We have become inured to natural disasters—which seem to strike with ever increasing frequency. But the monster floods in Pakistan will set back the nation by decades—causing long-term damage that may be near-impossible to overcome.
Researched by: Rachel John
First, the big picture
Vast swathes of Pakistan have been devastated due to what UN Secretary General António Guterres described as “monsoon on steroids.” Here’s how bad it is:
Nearly 1,400 people have died—almost half of whom are children—and more than 6,000 have been injured.
Around 33 million people have been displaced from their homes.
A third of the country is under water: “Floodwater now covers around 100,000 square miles—an area larger than the size of Britain—with more floods expected in the coming weeks.”
The initial estimates put the damage at $10 billion—but the real price tag is likely to be far higher.
Map to note: This is what Pakistan looks like right now:
The monster monsoon: It has been raining non-stop since June. Pakistan received nearly 190% more rain in July and August—totalling 391 mm (15.4 inches). Worst hit: the province of Sindh which received 466% more than the 30-year average–680.5 mm as opposed to 109.5mm. The rains are expected to continue in September.
Quote to note: On a recent visit to the country, Guterres said: “I have seen many humanitarian disasters in the world, but I have never seen climate carnage on this scale. I have simply no words to describe what I have seen today.”
The key culprit: Extreme heat
A global wave of extreme heat: Some 125 countries across six continents suffered drought conditions this year. And 33 countries reported heatwaves. Some scientists attribute this to Rossby Waves—which are global waves that sweep across the planet’s atmosphere just as they do in the oceans.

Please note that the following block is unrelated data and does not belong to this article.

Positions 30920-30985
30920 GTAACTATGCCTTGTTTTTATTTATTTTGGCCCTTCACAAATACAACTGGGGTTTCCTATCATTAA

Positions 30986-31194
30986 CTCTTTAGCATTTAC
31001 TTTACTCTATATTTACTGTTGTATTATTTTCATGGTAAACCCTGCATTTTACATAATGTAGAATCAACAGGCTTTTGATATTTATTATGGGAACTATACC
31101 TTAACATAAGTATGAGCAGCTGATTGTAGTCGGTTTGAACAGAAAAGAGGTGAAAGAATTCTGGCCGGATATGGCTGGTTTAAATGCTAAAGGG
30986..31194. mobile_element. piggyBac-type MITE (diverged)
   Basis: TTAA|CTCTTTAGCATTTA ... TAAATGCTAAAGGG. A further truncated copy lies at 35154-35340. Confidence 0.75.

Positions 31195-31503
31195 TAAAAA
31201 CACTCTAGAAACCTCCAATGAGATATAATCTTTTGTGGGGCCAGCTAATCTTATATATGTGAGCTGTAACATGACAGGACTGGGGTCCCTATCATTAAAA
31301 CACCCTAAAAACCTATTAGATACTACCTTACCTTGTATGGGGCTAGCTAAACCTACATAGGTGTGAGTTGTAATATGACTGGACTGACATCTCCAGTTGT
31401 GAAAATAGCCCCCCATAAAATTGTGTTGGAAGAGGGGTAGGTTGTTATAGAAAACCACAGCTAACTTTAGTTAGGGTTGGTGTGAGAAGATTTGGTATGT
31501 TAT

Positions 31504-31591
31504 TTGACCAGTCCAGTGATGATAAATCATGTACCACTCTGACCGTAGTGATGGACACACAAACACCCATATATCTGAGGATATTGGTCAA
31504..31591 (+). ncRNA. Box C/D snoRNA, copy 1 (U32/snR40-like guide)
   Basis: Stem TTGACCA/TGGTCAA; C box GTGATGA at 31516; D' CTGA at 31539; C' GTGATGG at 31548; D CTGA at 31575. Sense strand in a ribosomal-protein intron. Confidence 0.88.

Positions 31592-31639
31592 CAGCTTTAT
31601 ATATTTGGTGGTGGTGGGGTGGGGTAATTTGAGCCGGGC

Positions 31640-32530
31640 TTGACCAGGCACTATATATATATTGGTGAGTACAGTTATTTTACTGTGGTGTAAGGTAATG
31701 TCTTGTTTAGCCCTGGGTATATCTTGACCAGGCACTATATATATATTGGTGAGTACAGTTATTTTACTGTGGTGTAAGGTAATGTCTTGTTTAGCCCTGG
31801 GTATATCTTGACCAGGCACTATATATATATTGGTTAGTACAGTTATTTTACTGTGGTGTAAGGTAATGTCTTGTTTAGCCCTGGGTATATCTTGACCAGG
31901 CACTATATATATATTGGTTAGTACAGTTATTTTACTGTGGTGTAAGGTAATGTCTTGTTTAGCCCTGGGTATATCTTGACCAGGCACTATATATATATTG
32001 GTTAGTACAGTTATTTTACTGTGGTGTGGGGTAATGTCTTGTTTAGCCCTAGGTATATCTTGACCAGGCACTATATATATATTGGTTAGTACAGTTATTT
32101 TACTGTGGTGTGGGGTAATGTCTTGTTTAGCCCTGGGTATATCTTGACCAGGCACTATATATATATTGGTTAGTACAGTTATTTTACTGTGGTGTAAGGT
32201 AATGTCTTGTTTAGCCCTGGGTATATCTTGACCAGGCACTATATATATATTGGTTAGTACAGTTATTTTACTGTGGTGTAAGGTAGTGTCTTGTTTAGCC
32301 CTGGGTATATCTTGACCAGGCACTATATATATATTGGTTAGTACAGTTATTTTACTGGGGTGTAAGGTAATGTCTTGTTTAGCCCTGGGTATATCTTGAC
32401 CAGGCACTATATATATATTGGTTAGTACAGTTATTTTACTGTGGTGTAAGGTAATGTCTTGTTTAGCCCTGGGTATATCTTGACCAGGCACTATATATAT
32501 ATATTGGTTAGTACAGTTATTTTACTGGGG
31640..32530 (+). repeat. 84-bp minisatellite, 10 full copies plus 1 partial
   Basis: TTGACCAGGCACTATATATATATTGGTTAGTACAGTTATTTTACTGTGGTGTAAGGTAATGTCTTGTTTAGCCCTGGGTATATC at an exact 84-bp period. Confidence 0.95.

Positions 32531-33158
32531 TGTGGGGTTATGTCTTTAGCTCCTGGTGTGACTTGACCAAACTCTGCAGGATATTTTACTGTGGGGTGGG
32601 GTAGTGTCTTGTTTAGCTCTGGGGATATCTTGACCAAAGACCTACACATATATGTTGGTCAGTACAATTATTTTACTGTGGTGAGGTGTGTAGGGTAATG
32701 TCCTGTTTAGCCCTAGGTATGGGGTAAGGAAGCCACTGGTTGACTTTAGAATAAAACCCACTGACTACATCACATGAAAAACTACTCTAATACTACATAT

Pakistan’s summer of woes: Temperatures reached above 40°C for prolonged periods in many places—with the city of Jacobabad topping 51°C in May. As one ex-minister put it: “These were not normal heat waves—they were the worst in the world. We had the hottest place on Earth in Pakistan.”
Why the heat matters: Hot air holds more moisture. For every 1°C of warming, the atmosphere can hold 7% more moisture—which is why climate change experts warn extreme floods will be a natural corollary of global warming. And many had forecast “above normal” levels of rain for Pakistan this year.
Also, glaciers: The intense heat also melted glaciers in the mountains—increasing the water in tributaries that merge into the Indus river, which is Pakistan’s largest river and runs across the length of the country. The high temperatures also affected glacial lakes—formed by water from glaciers kept in place by glacial ice. When the ice melts, it creates a “glacial lake outburst” causing the water to come flooding down the slopes,
Data point to note: Pakistan is home to over 7,200 glaciers—more than anywhere outside the poles. And it has more than 3,000 glacial lakes—of which 33 are “prone to hazardous glacial lake outburst flooding.” This is one reason why it is the 8th most vulnerable country to climate change. FYI: a 2021 study found that “ice is now being lost from Himalayan glaciers at a rate that is at least ten times higher than the average rate over past centuries.”